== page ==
UPS noted that “according to the Postal Service's own data, Priority Mail includes approximately 24.6% of all parcels carried by the Postal Service, and First Class Mail includes just under 20% of all parcels.” As noted above, the Postal Service’s proposals had only minor implications for Priority Mail; the same was true of First-Class Mail. UPS criticized the Postal Service’s proposals as a “piecemeal approach” to parcel reform.
UPS observed that Standard (B) rates are calculated not to exceed Priority Mail rates. (Parcel post rates are kept lower than Priority Mail rates because parcel post receives a lower standard of service than Priority Mail.) Therefore, UPS argued that the Postal Service’s decision not to raise Priority Mail rates imposes “artificial constraints on Parcel Post rates” which would cause certain parcel post rates “to be below the cost determined by the Postal Service's own costing methods.” As a result, to ensure that parcel post covers its attributable costs, “the revenue lost as a result of artificially reducing the rates in the cells [affected by Priority Mail rates] is recovered by increasing all other Parcel Post rates above what the Postal Service would otherwise have proposed.”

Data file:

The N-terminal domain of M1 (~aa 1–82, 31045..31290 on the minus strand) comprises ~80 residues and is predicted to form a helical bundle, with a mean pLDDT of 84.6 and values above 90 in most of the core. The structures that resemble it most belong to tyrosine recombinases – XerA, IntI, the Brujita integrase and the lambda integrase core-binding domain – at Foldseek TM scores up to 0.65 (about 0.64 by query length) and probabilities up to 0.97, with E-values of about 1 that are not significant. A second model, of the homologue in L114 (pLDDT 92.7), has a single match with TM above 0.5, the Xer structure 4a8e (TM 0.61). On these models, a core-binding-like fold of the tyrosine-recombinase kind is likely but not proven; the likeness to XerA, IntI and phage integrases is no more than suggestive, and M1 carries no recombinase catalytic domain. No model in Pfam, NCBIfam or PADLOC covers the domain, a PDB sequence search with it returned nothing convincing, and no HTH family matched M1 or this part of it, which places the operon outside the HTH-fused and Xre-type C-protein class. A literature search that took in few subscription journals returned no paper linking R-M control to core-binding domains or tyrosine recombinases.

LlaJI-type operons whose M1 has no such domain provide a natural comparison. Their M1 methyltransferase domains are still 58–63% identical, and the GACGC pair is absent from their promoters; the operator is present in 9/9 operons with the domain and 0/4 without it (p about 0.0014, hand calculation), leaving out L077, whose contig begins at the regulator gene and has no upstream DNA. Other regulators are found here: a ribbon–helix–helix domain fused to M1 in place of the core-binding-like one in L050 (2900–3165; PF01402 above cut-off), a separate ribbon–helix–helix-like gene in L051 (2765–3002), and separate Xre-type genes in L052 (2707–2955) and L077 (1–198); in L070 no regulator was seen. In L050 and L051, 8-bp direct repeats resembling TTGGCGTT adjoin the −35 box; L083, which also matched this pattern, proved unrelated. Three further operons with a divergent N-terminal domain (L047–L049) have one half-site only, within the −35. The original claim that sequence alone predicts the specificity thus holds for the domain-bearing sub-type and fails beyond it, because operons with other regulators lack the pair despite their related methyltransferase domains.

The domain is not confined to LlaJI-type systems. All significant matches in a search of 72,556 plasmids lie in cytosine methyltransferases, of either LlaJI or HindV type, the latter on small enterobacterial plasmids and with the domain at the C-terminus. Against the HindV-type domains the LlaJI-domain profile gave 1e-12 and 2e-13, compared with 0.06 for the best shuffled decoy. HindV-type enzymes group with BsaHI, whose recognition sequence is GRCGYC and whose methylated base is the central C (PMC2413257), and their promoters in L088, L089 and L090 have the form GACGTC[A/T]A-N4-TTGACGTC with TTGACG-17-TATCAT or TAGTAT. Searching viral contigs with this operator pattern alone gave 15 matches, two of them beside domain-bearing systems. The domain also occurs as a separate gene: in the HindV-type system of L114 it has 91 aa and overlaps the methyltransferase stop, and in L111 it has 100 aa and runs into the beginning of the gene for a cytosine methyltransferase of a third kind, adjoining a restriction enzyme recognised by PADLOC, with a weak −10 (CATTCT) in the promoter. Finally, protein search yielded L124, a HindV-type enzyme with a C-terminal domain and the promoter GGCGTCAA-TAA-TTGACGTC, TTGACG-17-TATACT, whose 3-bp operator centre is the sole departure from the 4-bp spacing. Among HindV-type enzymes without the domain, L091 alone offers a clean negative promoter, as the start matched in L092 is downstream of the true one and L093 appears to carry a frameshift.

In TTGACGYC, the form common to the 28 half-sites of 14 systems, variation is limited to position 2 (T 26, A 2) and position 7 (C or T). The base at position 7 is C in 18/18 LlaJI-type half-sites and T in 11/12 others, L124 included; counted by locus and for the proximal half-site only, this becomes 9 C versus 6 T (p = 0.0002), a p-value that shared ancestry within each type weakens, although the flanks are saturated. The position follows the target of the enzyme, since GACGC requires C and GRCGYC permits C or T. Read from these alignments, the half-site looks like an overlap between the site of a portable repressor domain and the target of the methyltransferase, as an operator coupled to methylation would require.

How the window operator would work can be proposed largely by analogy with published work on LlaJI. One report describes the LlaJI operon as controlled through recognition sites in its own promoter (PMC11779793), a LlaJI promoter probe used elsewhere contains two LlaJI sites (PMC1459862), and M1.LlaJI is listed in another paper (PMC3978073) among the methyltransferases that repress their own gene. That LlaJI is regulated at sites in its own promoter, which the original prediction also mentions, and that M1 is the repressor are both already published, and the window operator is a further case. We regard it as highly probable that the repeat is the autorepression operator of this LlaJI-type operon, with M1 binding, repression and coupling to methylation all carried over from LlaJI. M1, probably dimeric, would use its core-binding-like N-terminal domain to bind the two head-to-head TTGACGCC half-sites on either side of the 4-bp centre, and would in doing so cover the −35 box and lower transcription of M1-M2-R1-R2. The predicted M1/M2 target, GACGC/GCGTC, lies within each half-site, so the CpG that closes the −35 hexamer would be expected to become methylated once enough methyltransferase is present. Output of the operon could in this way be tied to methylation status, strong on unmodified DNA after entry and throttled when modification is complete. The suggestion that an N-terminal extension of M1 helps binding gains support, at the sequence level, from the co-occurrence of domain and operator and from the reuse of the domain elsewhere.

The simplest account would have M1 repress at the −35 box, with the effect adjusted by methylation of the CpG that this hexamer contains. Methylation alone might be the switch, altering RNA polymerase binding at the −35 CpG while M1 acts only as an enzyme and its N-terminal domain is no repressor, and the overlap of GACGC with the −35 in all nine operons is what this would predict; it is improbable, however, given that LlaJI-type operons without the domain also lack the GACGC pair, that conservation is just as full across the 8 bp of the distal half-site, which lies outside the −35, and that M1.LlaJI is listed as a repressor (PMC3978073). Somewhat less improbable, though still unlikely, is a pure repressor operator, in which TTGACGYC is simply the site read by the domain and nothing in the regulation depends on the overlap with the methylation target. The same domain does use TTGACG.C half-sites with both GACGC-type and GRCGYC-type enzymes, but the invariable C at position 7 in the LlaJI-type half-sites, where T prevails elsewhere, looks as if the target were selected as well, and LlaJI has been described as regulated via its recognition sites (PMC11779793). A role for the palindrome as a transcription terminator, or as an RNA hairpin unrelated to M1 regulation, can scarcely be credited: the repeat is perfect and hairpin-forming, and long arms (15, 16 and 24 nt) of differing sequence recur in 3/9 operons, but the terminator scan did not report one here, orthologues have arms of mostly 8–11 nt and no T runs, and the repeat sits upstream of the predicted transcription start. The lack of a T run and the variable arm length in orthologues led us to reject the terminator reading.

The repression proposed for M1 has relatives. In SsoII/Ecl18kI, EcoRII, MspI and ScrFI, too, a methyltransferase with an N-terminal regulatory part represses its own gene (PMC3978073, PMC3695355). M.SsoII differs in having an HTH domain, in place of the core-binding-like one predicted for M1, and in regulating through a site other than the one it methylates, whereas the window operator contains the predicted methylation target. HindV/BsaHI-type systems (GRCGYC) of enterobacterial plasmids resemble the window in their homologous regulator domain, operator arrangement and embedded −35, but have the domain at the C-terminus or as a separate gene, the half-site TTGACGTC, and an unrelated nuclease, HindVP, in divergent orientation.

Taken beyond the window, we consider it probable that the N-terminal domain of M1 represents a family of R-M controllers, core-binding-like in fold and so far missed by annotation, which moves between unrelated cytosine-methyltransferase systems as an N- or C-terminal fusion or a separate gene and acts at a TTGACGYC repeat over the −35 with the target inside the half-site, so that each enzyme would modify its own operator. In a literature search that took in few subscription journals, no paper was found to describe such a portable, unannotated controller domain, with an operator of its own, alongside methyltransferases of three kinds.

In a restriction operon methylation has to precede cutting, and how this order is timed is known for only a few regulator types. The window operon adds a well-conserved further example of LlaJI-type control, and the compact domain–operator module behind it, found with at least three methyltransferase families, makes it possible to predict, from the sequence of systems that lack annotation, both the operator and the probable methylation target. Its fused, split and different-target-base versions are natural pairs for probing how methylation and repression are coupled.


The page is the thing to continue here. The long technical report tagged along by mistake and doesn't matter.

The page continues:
UPS concluded that the “intimate nexus between the proposed Parcel Post rates and the rates for Priority Mail packages requires the Commission to review the pricing schedules for all packages, especially those sent as Priority Mail.” Priority Mail users are now forewarned, as soon as the rate case is filed, UPS will be back in full force.
Delivery Confirmation Forges Ahead Despite Problems